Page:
My relationship with this show is ending on a note of “too little, too late,” my friends.
I’d really wanted to like this one, especially since I like both leads, and I did feel like Show had started well. To be honest, though, it’s been a slippery experience, trying to find something solid to hold onto, but still progressively losing what little grip I had, as I progressed through the episodes. I kept trying to find a lens that would make this one work for me, but to be honest, even though some lenses did help somewhat, nothing actually worked all that well.
And so it is, that I’m choosing to say goodbye to Show, 10 episodes into Show’s 16.
The story feels kinda meandering, and Show’s tone vibes Scripted Hollywood Rom-com rather than earthy slice-of-life drama, which is a decidedly rather odd combination. Overall, everything in this show comes together in a way that feels a touch uneven, but if you love Park Bo Gum, Show is a solid way to get a nice dose of Bogummy, because this is basically all a showcase for him and him alone. Everything and everyone else just happens to be there as varying levels of set dressing.
With the right lens, Show is a pleasant enough watch, even though it never grabs me in the way that I want it to.
Find Me In Your Memory does a rather unusual thing, by tapping into one of Dramaland’s favorite sources of dramatic tension – the stalker arc – and then using it as a platform for our main characters to work through the healing that they need. In this way, Show sets itself apart from other healing dramas, which tend to be more introspective in vibe, by being comparatively more action-heavy instead.
Despite a tendency to use tropes in its narrative, Show manages to serve up characters and relationships that feel real and relatable, where growth feels earned and true. The OTP relationship is portrayed as sweet and restrained, and taps nicely into the chemistry between Kim Dong Wook and Moon Ga Young, which feels sweet and natural. As a bonus, the secondary loveline between Kim Seul Gi and Lee Jin Hyuk is super cute.
Not groundbreaking by any means, but a solid watch overall.
Dear Kfangurl, Are supporting actors too funny to ever cast as leads? I keep waiting for my favorites – Park Jin Joo, Kim Seul Gi and my all time favorite, Kim Sung Oh to be part of an OTP or at least a single lead in their own dramas. I’ve seen all of them give snippets of really moving scenes so their acting talent is not in question. What gives?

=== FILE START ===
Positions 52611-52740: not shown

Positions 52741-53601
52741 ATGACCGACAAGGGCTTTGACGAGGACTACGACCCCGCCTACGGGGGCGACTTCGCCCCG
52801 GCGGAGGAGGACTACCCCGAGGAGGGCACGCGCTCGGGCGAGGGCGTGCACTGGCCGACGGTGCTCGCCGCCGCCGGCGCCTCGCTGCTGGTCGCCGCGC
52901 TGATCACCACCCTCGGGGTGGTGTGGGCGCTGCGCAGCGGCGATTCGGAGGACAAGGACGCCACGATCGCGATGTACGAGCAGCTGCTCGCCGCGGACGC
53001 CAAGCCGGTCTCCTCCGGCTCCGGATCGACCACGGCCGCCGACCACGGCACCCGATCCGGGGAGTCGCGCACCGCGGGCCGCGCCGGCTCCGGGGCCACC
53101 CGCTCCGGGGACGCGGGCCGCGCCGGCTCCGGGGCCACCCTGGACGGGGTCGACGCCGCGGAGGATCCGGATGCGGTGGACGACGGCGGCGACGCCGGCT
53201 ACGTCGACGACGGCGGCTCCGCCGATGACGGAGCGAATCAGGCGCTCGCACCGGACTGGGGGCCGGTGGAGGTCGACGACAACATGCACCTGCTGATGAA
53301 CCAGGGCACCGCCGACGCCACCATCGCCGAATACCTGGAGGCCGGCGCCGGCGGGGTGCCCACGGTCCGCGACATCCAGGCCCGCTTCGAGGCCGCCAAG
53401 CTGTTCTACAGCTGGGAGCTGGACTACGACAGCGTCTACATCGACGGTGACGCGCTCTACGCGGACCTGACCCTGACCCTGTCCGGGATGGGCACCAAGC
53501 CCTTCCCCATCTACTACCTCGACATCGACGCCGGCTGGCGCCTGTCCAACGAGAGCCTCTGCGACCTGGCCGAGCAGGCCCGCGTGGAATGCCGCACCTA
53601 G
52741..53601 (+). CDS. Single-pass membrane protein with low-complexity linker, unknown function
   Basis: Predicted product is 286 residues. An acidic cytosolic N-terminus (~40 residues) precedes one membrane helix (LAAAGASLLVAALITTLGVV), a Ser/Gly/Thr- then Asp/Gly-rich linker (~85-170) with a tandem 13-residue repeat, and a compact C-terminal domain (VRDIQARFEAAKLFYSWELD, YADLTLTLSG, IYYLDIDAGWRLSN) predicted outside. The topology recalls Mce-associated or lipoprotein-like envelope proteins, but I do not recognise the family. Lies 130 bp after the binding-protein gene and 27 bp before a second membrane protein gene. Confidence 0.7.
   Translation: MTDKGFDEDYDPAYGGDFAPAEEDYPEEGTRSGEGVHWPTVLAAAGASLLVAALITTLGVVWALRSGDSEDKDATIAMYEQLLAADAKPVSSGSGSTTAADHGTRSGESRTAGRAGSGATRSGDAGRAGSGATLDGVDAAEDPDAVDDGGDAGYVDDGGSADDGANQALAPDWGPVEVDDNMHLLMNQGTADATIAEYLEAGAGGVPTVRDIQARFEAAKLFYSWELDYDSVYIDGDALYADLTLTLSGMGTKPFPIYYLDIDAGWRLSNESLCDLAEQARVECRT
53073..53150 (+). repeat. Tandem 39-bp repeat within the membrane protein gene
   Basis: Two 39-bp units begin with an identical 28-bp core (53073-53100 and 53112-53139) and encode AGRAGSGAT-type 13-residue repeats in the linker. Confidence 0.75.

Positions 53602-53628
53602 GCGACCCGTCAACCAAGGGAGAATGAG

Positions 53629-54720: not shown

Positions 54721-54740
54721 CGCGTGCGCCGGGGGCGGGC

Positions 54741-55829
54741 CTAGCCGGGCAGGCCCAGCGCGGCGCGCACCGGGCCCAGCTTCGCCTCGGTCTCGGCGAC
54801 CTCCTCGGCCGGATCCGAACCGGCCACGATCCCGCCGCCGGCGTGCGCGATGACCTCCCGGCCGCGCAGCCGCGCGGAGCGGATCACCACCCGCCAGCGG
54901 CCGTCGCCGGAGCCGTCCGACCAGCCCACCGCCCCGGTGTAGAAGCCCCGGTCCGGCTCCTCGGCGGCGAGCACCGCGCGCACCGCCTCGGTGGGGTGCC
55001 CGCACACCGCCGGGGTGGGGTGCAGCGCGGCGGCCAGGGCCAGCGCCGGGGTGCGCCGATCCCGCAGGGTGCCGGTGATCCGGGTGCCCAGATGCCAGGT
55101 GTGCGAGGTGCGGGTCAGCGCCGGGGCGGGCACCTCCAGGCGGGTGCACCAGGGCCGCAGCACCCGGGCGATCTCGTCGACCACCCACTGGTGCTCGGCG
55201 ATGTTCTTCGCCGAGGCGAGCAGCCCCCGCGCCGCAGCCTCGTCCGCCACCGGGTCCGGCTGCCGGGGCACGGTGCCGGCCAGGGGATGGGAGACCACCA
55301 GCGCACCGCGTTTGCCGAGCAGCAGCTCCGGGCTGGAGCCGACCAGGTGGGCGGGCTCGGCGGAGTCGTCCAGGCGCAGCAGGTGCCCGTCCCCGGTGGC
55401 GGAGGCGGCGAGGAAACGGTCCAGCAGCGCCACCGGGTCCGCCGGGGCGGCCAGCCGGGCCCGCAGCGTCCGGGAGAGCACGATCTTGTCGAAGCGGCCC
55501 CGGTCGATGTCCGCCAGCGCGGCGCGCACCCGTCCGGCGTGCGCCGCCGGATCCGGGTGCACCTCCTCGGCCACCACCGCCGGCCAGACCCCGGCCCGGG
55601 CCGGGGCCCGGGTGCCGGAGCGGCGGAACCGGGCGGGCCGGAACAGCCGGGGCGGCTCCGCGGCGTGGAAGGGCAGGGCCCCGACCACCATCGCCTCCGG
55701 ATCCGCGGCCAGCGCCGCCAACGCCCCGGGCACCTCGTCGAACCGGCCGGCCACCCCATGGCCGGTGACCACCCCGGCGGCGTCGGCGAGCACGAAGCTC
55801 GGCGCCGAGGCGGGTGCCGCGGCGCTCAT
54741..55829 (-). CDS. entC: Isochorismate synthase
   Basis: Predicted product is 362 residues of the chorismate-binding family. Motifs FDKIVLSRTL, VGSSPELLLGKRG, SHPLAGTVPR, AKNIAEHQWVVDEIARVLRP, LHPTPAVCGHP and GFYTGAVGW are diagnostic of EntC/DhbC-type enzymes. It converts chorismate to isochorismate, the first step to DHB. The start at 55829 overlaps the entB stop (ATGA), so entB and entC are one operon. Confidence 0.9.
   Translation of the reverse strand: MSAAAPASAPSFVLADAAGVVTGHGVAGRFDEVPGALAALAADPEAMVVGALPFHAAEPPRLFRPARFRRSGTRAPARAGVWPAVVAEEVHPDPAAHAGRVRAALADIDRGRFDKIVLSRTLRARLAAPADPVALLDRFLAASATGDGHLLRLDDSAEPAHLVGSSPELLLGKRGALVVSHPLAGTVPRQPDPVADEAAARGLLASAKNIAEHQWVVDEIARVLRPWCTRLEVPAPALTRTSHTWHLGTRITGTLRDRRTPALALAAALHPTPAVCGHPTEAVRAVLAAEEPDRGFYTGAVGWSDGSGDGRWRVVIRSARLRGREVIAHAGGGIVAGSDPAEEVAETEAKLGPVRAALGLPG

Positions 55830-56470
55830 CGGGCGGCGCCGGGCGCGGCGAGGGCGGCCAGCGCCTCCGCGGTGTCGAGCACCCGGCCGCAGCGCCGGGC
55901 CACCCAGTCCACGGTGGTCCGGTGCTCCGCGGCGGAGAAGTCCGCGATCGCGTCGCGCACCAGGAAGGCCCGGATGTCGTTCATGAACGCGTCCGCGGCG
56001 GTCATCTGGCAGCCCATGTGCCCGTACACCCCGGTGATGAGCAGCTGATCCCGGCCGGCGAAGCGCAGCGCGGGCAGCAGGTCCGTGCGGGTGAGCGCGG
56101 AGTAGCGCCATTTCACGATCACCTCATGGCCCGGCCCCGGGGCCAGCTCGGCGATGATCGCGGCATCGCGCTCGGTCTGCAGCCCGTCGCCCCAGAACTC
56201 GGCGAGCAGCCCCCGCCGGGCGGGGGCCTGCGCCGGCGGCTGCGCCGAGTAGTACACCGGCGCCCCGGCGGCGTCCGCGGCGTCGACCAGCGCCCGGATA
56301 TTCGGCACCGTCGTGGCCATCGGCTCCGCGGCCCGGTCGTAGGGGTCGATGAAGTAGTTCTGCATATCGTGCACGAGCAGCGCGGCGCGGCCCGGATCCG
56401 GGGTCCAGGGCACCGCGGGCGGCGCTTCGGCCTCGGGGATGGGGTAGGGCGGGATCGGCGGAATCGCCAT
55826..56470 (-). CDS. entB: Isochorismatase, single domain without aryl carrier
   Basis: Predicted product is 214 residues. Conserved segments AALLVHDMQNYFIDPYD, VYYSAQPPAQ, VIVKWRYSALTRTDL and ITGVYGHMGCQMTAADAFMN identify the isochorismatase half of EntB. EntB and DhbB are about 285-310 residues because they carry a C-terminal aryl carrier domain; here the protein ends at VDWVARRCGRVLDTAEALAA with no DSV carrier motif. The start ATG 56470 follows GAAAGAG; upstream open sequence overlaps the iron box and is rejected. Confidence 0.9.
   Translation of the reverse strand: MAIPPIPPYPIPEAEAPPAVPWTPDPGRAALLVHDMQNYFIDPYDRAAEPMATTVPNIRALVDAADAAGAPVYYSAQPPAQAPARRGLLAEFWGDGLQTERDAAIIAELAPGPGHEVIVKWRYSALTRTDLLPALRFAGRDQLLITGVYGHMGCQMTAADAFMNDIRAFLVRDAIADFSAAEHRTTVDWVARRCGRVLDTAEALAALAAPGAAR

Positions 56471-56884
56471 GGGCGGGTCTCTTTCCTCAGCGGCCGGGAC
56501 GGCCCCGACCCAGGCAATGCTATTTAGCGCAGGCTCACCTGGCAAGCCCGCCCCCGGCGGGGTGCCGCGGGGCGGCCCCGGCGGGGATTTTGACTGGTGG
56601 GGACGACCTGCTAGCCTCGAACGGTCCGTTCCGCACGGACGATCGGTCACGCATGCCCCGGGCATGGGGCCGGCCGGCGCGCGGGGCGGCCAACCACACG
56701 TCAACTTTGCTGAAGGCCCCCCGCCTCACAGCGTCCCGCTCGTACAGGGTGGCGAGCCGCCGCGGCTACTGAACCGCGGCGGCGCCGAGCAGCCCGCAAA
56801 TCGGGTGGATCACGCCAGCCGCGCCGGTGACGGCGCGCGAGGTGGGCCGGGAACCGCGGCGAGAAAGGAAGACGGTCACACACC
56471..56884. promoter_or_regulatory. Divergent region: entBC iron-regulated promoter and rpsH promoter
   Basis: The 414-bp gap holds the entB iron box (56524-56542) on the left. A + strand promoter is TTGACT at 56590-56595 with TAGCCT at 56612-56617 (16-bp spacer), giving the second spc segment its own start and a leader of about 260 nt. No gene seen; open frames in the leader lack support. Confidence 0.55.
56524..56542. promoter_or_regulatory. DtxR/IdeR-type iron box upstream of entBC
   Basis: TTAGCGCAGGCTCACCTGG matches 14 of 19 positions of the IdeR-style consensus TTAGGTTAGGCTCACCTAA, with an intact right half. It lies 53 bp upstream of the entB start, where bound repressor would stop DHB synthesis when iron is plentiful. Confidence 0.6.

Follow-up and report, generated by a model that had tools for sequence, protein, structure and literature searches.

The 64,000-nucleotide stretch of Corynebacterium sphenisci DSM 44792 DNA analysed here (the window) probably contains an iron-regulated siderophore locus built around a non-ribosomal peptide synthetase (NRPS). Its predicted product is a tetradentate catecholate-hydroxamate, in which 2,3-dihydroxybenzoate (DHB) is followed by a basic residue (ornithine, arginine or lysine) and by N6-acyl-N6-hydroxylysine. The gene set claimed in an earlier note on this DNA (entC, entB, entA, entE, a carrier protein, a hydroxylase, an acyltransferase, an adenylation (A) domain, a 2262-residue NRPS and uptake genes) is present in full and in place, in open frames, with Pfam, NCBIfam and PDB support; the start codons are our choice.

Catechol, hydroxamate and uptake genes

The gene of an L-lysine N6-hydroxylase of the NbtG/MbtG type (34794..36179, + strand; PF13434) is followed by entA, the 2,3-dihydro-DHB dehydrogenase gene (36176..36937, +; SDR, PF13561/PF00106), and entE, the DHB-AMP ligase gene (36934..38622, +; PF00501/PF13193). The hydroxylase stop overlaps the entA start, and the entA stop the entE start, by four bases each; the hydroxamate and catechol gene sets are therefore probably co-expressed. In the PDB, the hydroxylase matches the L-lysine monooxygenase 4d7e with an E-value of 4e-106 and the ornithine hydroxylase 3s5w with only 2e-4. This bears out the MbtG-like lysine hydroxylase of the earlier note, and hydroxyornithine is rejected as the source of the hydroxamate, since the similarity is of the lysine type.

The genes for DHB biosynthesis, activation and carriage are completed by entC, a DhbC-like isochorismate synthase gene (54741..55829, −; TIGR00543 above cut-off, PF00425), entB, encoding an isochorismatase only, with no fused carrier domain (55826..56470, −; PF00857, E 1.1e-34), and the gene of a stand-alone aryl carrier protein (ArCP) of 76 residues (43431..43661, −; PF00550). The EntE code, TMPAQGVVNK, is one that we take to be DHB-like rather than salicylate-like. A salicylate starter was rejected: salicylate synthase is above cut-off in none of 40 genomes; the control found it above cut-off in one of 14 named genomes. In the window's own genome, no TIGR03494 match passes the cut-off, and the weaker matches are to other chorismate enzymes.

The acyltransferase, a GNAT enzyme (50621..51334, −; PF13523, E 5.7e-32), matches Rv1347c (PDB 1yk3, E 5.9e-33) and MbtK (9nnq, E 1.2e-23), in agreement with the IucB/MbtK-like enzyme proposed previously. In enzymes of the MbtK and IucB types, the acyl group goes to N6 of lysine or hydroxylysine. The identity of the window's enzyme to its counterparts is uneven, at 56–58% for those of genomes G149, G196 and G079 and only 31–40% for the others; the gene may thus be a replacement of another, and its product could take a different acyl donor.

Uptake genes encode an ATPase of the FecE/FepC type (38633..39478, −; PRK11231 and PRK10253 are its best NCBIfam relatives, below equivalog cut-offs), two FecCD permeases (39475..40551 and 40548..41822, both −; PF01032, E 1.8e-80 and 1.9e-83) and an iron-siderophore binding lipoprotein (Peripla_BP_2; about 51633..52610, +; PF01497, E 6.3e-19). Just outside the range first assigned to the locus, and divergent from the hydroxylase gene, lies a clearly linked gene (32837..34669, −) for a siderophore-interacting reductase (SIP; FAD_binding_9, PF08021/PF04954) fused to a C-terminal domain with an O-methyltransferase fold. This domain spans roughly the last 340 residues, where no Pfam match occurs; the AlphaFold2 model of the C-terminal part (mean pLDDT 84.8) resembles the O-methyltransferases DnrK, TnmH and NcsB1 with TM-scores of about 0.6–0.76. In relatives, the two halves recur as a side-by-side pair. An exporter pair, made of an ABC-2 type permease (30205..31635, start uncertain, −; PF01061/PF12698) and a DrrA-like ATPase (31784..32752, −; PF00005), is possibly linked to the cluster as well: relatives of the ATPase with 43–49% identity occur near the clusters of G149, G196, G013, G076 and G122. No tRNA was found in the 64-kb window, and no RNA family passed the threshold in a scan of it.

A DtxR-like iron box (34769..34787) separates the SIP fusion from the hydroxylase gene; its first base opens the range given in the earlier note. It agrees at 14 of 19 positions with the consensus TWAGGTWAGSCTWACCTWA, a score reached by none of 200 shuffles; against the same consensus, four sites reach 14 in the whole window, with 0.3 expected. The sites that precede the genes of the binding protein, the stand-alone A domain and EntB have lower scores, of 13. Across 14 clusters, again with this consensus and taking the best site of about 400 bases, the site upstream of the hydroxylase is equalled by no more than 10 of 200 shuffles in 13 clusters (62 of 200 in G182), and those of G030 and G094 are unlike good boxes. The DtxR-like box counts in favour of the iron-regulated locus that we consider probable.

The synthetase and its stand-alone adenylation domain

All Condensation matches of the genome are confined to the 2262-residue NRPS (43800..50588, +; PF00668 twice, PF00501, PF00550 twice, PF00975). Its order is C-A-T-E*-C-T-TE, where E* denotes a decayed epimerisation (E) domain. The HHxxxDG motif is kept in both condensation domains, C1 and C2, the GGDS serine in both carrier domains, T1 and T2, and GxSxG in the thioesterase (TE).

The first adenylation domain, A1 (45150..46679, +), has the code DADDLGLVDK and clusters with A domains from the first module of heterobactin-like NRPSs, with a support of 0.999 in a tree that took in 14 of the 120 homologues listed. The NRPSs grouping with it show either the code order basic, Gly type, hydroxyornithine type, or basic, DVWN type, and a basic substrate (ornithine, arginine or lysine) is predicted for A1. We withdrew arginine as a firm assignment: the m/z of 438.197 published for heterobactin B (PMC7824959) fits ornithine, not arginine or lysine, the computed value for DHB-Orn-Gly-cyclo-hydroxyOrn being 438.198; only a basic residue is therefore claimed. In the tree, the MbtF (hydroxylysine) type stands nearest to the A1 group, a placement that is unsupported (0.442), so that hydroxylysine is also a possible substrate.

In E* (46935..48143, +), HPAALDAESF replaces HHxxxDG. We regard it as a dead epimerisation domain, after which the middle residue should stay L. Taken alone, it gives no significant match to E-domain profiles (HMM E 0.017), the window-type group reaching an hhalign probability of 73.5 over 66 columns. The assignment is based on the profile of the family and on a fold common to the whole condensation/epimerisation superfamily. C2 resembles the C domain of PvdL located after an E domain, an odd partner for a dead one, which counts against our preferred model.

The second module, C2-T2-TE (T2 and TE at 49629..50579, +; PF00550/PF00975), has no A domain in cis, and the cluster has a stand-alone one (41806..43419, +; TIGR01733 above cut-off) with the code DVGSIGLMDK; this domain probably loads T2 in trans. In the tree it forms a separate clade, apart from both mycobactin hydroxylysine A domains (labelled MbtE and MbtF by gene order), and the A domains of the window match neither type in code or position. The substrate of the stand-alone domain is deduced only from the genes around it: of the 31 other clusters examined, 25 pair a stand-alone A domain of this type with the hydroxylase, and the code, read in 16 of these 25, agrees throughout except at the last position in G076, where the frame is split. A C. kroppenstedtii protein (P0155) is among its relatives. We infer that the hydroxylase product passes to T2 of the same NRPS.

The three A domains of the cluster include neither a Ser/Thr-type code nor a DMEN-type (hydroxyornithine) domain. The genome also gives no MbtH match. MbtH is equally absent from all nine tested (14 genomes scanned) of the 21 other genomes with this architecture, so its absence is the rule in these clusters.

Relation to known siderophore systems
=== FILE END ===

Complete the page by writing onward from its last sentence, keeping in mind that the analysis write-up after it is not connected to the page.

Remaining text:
And phl1rxd writes:
I would love to see an article on your favorite supporting actors|actresses. There are so many that pop up in our drama world all the time, and while they are not the leads, their work is great none-the-less.
Show starts off fresh and cute with an emphasis on hilarious cross-dressing hijinks, but changes gears abruptly in its second half with an amped up focus on birth secrets and political machinations. Viewers set on a fizzy rom-com might be turned off by this. On the upside, Show manages to retain its emotional core and heartfelt tone through to the end, and it’s not too hard to stay engaged with our main characters, even in the heavier stretches. And as a silver lining, the feel-good cute makes a comeback by Show’s end.
Jang Dong Yoon shines extra in the midst of a solid cast, and is break-out fantastic in his role as the titular Nokdu. His cross-dressing turn as a timid widow is so memorable, that it’s worth tuning in for his performance alone.
Even though Descendants of the Sun is not very well-written and far from subtle, there are things to enjoy in this show, if you’re willing to close your eyes to its shortcomings. Things like appealing lead characters (most of them, anyway), character relationships, the romance and the bromance. And not forgetting Song Joong Ki in his most schmexy drama outing to date (ahem).
A time travel tale that is engaging, absorbing and tightly written.
It took me a couple of episodes to get completely sucked in, but when I did get sucked in, boy did I get sucked in good. Serving up twists and turns that literally keep you on the edge of your seat (and perhaps your sense of sanity too), Nine is thought-provoking, intense and really rather addictive. The dramatic tension flags in a few spots, but overall, I’d say this is a solid, worthy watch.
If you like your dramas to keep you on your toes and keep you thinking, and keep you guessing too, this would definitely be up your alley.